Simon Wood

SHELF LIFE: My Biggest Writing Regret

We all have regrets.  Things we woulda, shoulda, coulda done instead.  I certainly have a few when it comes to my writing.  After more than a decade, it still smarts that I sold a short story for six bucks only to have an editor for a new anthology, which would Stephen King, Peter Straub and a whole host of other A-listers, request the story after she heard me read it.  She had a contract for me, but withdrew it when I admitted the story had been published in a small press magazine. New stories only.  No reprints.  And my first big break ebbed away.  But as sucky as that story sounds, it’s not my biggest writing regret.  Not even by long chalk. My biggest writing regret was not talking to Stephen J Cannell when I had the chance.

For those who don’t know, Stephen J Cannell was a TV writer and producer, famous for such shows as The A-Team, Magnum PI and a host of others.  In later years, he turned his hand to novel writing and is most remembered for the Shane Scully books. 

In 2003, he was one of the guests of honor at Left Coast Crime and he gave a fabulous speech about his career and his dyslexia.  I hadn’t known he was dyslexic.  Listening to him describe his struggles and desire to succeed admirable and amazing.  As someone who’s dyslexic, I was quite struck by his story.  Listening to him, I was listening to myself.  The embarrassment and shame he’d felt, I’d felt.  The little tricks he’d used to hide his problem, I’d used.   Needless to say, his speech had a profound effect on me.  I wanted to say something to him, but his readers swamped him at the post speech signing.  A couple of hours later, he appeared in the hotel bar.  I was in there with some friends and he was at the bar, alone.  This was my chance to go up to him and tell him how much his speech meant to me as a fellow dyslexic.  But I got cold feet.  At that time, my first book, ACCIDENTS WAITING TO HAPPEN, had just come out and I was (and still am to a certain extent) self conscious about my writing because I’m dyslexic.  I was sure he wanted to have his drink and not to have to deal with a spaz like me, so I left him in peace.  Something I kicked myself afterwards, just because I bottled the moment.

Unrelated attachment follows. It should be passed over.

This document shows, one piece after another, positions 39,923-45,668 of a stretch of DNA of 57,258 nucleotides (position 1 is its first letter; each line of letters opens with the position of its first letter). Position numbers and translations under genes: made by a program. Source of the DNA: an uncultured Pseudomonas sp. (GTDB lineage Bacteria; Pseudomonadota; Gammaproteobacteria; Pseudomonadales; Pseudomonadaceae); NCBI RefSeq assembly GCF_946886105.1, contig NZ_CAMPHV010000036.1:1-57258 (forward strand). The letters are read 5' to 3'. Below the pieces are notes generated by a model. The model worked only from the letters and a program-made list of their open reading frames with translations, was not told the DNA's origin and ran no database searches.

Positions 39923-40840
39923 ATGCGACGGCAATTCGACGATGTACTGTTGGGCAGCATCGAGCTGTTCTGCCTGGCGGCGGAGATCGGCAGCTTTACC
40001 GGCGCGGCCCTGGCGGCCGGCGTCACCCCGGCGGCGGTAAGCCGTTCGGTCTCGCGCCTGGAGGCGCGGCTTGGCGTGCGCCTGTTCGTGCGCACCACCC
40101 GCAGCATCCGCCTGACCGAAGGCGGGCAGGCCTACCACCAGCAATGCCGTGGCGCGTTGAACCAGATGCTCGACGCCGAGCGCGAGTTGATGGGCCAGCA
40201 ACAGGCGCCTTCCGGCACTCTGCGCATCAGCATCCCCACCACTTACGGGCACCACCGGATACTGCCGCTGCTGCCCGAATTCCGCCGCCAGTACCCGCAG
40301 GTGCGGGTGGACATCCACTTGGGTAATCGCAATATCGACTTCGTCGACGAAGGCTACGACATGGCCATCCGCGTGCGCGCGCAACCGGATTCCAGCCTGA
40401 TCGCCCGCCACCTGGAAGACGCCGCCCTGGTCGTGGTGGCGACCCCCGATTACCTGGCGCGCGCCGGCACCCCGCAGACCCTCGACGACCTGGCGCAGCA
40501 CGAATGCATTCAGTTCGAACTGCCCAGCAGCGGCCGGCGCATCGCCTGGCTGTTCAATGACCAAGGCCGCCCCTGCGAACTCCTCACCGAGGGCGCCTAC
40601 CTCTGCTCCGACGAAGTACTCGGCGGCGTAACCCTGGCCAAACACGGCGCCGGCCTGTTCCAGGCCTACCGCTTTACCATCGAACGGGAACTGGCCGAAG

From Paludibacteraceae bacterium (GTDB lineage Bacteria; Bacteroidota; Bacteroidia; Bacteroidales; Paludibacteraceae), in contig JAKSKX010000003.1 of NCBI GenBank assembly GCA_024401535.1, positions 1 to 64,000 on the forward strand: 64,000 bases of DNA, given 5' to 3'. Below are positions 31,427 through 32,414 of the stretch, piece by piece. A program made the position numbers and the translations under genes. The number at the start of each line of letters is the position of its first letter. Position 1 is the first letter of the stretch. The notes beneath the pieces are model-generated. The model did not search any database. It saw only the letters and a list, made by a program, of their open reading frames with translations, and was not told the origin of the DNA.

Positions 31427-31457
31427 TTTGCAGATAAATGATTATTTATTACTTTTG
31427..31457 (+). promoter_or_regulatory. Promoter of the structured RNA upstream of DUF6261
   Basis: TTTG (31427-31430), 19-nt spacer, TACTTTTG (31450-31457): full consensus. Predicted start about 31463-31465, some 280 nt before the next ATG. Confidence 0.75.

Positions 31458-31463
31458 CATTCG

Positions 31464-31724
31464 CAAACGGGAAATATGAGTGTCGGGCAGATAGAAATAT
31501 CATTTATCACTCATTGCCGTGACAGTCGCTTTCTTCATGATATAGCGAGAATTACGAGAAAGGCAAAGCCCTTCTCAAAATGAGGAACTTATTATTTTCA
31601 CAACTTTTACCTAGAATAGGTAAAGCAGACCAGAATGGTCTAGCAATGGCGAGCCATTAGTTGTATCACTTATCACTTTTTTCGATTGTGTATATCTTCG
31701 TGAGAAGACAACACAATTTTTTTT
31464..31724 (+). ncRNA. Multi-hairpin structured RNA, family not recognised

Fast forward a few years, I was asked if I would like to be a guest of honor at a fundraiser benefitting dyslexia.  The other guest would be Stephen J Cannell.  Finally, I would be able to tell him how much his speech meant to me.  But before the fundraiser could be put together, Stephen died of cancer.  The news was a kick in the guts.  I’d blown my chance to tell him how he inspired me.  Of all the stupid things I’ve done, not having the courage to talk to Stephen J Cannell is up there. As writing regrets go, it’s the biggest one because it could have been so easily realized.  I think I’ve learned from this mistake.  I try not to let my fears get the better of me…well, most of the time. 

He may be gone, but he did leave us his books.  If you get the chance, I do recommend reading THE TIN COLLECTORS and ON THE GRIND (one of the most thrilling books I’ve read).  And I’ll leave you with a classy tribute that appeared on the TV show, CASTLE. 

Goodbye, Stephen. Sorry we didn’t get the chance to chat.

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